Smithsonian Notes David C. Graham -7- [[red check marks over box numbers 37 and 38 in text]] May 11. I have been sick in bed with influenza and am still so weak that I have to take things very carefully and easily. Labeled Box 37 and 38, insects gathered about May 1st at Chengtu, Szechuan, China, altitude about 1700 feet. [[red check mark over box number 39 in text]] May 14. The Military are commandeering coolies so much that most of the farmers nearby have been carried away and the spring crops are going to waste. I have had to prevent the netters, Li and Yao from leaving the compound. They have succeeded in catching night moths. The moon is disappearing and night moth catching is improving daily. Filled another box of insects, No. 39, May 10-14, Chengtu, altitude 1700 feet. [[red check mark over box number 40 in text]] May 22. Civil war still continues and our collectors have not dared to leave our yard during daytime but are catching night moths on our back porch by means of the electric light. Filled insect box No. 40, May 15-22, alt. 1700 ft. May 25. Yesterday and today I have mailed about a dozen boxes of specimens to Shanghai to be forwarded to the Smithsonian Institution. War conditions still prevail at Chengtu and our collectors cannot go about by day. They are in danger of being forced to join the army. They collect night moths. June 1. The father of the netter Yao has died and he has gone home for ten days. Li is getting lots of night moths. I recently bought a black bear skin, Mammal 1168. [[red check marks over box number 41-45 in text]] June 6. Filled Boxes 41-45, all of insects caught at Chengtu, altitude about 1700 ft. and wrapped them for shipping. Secured Mammal No. 1169, a common house rat, gray in color. I skinned this to teach a scientific student how to do it. June 16. The skin of the small black bear I bought and killed some time ago has almost been eaten up by vermin. I find also that the same vermin are on the black bear skin I bought recently. I'll have to open all the boxes and look over the skins and try every way to prevent the skins reaching the Smithsonian Institution in a useless condition. Probably the only hope is to use lots of arsenic. Mammal No. 1169 is a common house rat secured at Chengtu, Szechuan, China. Mammals No. 1170-71 were secured by [[strikethrough]]Yane Tong Ghave[[/strikethrough]]^[[Yang Fong Chang]], the hunter atnTseo Jia Keo, south of Suifu, Szechuan, China on the Szechuan Youman Border. The collectors Ho and Yang are shut up by the military operations beyond Kuanshien and cannot get out. There is a rumor that there is war between Chinese and Tibetans beyond Tats[[strikethrough]]eenbo[[/strikethrough]]^[[ienlu]]. Box No. 46, insects collected between June 8 and 13, alt. 1700 ft. [[five red stars in left margin]] June 19. Filled Box 47, Insects. Box 47 insects collected June 1-20,1933, altitude 1700 ft. Box 48, animal skins, value $10.00 " 49 " " " [[ditto marks for "Box" and "animal skins, value"]] 6.00 " [[ditto mark for "Box"]] 50 black bear skin " [[ditto mark for "value"]] 45.00 market value $30.00 Today I fired one of the collectors who constantly plays possum instead of working. I found vermin very thick in the big black bear skin and put a lot of arsenic in the skin. I packed some more specimens.
Smithsonian Notes David C. Graham -8- June 23. Today I received letter from Yang and Ho wanting me to get them out. I don't know any way to do it. [[red "x" in left margin]] Box 51 is insects, filled June 15-21, Alt. 1700 ft. Chengtu. June 28. There is now Civil War near Kiating. The road directly to Yachow is very unsafe. Travel to Kuanshien is impossible because there is civil war there. I am now training three new netters and collectors. I am training two to skin birds and mammals and they are doing pretty well on the mammals but weak so far on the birds. There is no doubt as to the advisability of my going to Tatsien[[strikethrough]]bu[[/strikethrough]]^[[lu]]. [[Two red "x"s in left margin]] June 30. Filled two new boxes of insects Box No. 52, June 25, Insects Box 53-54 June 30 " [[ditto mark for "Insects"]] All at Chengtu, Alt. 1700 ft. Civil war is going on all around us so that it is not safe to travel in any direction. I have sent a Chinese teacher to Kuanshien to try to get Yang and Ho out. I am training two new collectors for skinning birds and mammals, Mr. San of Suifu and Mr. Ho, a student of the West China Union University. I am also training a new netter instead of Li. July 3. The messenger sent to bring the two collectors, Yang and Ho, out from Kuanshien has returned without them. Robbers stole his best clothing. Filled Box No. 55, insects July 1-3, alt. 1700 ft. July 4. The netters couldn't leave our house because the soldiers are commandeering laborers for coolies and forcing others to join the army. We are getting good catches of night moths. I am daily training two students, Mr. San and Mr. Pen, to skin mammals and birds. There is fighting around Kiating and elsewhere but the road to Tatsien[[strikethrough]]bo]]^[[lu]] is open. [[red "x" in margin]] July 5. Filled boxes 56-57, insects captured at Chengtu, July 3-4, 1933, alt. 1700 feet. Civil war is certain in many parts of Szechuan. However, I am hoping to get to Tatsien[[strikethrough]]bo[[/strikethrough]]^[[lu]], starting within a few days. I hope to send one man into Yunnan Province to collect reptiles, beetles, etc. Three men are collecting in the [[strikethrough]]Chingtsing[[/strikethrough]]^[[Chungking]] District. Two men are collecting near Kuanshien and I hope to get to Tatsien[[strikethrough]]b[[/strikethrough]]^[[l]]u. July 10. I am definitely giving up the idea of going to Tatsien[[strikethrough]]b[[/strikethrough]]^[[l]]u, partly because the money available this year is less than in previous years and partly because the roads to Tatsienbu are not safe. I hope to get off to Kuanshien within a few days. We are having fair results at night, moth catching. Every day I am training the new collectors, hoping they will reach a high state of efficiency. [[red "x" in left margin]] July 11.Today I had two men practicing on skinning birds and mammals and they and two others on insects. We got a fair catch of insects. I went into the city to investigate the possibility of getting by a round-about route into Kuanshien and on into the high mountains. There is a possibility that may work out all right. Filled box of insects No. 58, July 8-11, Chengtu.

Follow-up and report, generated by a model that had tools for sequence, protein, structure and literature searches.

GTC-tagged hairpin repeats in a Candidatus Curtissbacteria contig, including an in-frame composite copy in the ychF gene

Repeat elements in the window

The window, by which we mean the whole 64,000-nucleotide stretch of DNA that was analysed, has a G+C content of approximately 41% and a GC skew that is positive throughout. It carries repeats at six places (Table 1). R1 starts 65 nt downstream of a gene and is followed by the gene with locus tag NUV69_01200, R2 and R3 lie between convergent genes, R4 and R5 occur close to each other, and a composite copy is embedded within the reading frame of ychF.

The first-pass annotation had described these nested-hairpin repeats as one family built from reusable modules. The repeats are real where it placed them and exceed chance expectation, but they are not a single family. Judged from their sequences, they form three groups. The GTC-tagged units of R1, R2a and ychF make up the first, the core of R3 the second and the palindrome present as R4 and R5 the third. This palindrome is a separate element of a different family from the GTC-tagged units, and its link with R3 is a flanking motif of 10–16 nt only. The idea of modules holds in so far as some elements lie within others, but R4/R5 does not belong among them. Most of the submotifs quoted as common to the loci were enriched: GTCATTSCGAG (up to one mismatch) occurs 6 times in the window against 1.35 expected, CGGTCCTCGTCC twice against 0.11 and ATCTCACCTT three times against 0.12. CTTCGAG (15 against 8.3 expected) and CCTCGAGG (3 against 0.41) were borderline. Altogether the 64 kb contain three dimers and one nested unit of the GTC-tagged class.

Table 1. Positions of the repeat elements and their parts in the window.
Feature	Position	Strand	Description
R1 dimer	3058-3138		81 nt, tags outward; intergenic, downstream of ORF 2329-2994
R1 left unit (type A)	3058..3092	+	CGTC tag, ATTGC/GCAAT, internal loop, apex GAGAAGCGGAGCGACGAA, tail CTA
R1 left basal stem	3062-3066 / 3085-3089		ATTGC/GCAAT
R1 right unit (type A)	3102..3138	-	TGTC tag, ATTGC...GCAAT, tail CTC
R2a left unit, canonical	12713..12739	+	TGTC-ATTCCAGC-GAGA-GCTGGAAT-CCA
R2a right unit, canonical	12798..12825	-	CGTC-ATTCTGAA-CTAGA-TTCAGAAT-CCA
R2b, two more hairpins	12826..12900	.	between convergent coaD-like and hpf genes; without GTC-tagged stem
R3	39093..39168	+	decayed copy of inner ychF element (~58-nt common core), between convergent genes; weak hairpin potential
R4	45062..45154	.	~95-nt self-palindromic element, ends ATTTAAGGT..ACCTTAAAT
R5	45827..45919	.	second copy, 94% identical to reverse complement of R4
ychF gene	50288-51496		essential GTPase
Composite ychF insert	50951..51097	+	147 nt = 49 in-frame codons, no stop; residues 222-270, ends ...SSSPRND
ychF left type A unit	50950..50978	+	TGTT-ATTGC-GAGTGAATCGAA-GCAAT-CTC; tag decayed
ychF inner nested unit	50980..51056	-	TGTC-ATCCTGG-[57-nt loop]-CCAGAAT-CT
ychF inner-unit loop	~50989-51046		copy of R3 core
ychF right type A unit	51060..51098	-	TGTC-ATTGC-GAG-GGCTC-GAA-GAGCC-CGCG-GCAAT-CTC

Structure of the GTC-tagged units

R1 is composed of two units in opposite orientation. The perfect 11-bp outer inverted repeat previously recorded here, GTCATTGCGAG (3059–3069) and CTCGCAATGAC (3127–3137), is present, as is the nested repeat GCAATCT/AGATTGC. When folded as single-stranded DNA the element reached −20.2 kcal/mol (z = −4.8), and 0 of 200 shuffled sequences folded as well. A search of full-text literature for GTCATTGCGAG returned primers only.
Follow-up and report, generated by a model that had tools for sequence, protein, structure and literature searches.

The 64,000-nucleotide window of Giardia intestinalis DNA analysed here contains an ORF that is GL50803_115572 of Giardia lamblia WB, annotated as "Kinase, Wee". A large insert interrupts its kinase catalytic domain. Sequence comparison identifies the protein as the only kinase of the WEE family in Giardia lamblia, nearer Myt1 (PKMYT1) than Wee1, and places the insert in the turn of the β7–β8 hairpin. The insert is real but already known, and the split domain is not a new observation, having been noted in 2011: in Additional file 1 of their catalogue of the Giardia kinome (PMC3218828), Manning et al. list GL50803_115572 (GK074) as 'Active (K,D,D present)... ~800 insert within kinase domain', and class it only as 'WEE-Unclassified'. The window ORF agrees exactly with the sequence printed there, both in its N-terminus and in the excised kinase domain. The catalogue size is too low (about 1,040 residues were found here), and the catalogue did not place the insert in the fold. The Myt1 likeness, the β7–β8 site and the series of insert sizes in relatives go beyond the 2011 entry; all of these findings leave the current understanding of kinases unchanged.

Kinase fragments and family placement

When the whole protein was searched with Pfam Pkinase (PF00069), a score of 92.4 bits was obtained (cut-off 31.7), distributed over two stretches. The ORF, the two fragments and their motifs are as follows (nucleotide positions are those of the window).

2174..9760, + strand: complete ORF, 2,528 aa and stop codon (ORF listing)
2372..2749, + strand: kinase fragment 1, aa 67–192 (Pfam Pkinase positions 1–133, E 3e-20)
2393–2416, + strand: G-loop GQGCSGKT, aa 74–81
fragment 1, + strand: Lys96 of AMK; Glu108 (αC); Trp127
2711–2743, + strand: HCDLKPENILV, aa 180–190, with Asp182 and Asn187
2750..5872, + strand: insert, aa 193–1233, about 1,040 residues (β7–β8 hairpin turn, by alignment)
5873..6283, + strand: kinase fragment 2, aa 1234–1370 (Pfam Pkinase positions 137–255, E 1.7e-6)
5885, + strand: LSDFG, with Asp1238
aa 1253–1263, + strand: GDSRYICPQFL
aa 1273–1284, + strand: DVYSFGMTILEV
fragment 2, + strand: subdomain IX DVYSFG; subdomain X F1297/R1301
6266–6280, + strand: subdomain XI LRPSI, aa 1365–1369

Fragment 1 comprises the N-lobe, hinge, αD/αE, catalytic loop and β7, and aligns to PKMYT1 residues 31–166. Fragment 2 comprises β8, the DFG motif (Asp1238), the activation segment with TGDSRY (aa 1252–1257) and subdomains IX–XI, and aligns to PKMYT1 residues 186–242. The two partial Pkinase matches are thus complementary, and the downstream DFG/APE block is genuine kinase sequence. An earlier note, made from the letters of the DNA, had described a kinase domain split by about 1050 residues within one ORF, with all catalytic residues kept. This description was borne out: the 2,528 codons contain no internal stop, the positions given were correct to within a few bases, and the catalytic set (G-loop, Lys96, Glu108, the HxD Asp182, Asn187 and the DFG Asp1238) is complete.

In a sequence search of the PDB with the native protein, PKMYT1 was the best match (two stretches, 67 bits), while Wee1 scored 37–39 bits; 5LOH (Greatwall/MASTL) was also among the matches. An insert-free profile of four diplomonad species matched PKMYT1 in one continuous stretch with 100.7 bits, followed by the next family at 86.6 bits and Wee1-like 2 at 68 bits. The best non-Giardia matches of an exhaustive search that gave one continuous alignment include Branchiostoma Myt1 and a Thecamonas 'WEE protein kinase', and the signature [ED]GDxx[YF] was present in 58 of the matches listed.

Smithsonian Notes David C. Graham -9- [[red star in margin]] Box 59, bottled insects, same place and locality. July 12. Today I went across the city to the North Gate and on several miles to the headquarters of General Den, who controls the district beyond Kuanshien where I want to collect. I got the permission to go by a round-about way and the official document necessary. I then went to see Mr. ^[[T]][[underlined]]L[[/underlined]]orrance, who is familiar with that reion, but he was not at home. I gave the collectors lessons about how to handle gasolene lanterns for night collecting. Tonight all four whom I am training are working with the night lanterns and although the stars are out they are getting a good catch. [[strikethrough]]Tod[[/strikethrough]] Today I mailed eight boxes of specimens, all insects. One contained bottled insects and the rest dried and wrapped insects. July 13. Spent the day packing or securing the proper passports. I still have one or two more to secure. The netters secured a fair lot of moths today. [[penciled star in margin]] July 15. I have been exceedingly busy packing for the collecting trip to Mowchow, Tsagulow, etc., west of here. I expect to get off Monday, July 17. I have five different Chinese passports and expect to get one more. Filled Box No. 60, insects, July 13-15, 1933, at Chengtu, Szechuan, China.